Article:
How to Make Patent Drawings Yourself 4th Edition|
Jack Lo, David Pressman, Richard Stim (ed.)
The table of contents should give you a pretty good clue of what to expect from this book:
1 - General Introduction to Drawing 2 - Drawing With Pen, Ruler, and Instruments 3 - Drawing With a Computer 4 - "Drawing" With a Camera 5 - Patent Drawings in General 6 - Utility Patent Drawings 7 - Design Patent Drawings 8 - General Standards 9 - Responding to Office Actions
One of the most onerous, to me at least, tasks in preparing the patent application is getting good drawings done. Of course that costs me a bundle because I pay someone to take over those headaches for me. But what if I didn't have the money but did have the time to do it myself? I'd turn to this book first. With such a nice clear summary of what is needed and what the US Patent and Trademark Office wants why wouldn't the small cost of this book be worth it? With this book in hand you can avoid the pitfalls of thinking in "engineering drawing" mode and get to thinking in "patent drawing" mode.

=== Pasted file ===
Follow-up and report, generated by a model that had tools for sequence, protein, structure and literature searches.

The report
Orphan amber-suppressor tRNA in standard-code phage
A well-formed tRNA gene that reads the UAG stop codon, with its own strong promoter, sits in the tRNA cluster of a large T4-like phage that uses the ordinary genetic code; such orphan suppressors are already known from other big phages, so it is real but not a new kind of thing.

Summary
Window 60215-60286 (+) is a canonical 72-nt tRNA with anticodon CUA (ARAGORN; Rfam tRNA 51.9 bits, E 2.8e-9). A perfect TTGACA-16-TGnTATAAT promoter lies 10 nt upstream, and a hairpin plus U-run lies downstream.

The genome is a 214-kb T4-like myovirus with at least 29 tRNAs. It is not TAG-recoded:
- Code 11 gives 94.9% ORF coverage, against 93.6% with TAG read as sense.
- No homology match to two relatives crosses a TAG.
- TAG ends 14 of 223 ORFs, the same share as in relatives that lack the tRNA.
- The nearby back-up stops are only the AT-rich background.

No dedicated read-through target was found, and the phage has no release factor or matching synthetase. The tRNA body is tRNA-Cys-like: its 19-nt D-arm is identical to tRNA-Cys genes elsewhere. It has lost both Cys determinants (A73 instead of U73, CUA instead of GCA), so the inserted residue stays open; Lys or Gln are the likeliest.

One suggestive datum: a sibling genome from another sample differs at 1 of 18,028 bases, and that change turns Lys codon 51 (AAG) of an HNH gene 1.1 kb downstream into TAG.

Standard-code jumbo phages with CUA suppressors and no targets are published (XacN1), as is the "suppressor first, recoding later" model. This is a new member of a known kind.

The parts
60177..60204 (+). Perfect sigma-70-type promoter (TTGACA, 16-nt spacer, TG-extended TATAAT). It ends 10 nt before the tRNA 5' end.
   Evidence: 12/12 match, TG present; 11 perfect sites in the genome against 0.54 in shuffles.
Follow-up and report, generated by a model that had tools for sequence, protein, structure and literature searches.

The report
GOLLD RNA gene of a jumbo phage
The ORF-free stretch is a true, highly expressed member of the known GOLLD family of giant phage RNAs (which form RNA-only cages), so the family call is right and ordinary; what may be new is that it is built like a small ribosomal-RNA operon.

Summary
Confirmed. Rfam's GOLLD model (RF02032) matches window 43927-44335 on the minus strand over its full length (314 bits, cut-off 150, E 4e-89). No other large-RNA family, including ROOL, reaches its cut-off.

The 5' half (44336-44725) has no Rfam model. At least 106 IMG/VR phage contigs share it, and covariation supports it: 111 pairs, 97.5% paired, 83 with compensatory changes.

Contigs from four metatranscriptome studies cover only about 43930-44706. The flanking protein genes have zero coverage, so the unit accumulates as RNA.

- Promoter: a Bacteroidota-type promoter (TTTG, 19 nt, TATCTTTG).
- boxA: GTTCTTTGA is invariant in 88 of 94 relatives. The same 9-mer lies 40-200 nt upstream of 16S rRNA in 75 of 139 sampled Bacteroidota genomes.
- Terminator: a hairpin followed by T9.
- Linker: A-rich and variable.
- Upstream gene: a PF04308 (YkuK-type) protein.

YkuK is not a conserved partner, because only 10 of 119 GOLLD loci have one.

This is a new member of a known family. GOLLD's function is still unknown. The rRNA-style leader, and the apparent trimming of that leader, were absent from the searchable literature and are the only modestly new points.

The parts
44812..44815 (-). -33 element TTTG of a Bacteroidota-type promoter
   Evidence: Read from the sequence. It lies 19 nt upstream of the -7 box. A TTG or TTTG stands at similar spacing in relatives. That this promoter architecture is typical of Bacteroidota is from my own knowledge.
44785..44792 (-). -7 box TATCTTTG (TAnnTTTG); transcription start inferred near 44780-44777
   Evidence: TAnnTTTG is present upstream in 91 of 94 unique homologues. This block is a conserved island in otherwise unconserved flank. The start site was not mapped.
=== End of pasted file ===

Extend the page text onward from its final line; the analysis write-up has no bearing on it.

For example, some things like shading have some parallels in both engineering drawing and patent drawing but patent drawing has some nuances that are designed to make the drawing easily understandable to a novice at reading drawings, not to a machinist. The USPTO regulations are laid out with examples so they are easy to see and understand. And the specifics are nailed down so you won't have to be repetitively correcting something—and always at the last minute—to deal with a drawing rejection, which normally doesn't come until after or with your notice of claim allowance and along with the deadline for paying your issue fee. Crunch–not the time to get hit with a load more work.
© Copyright 2004 James E. White, All Rights Reserved
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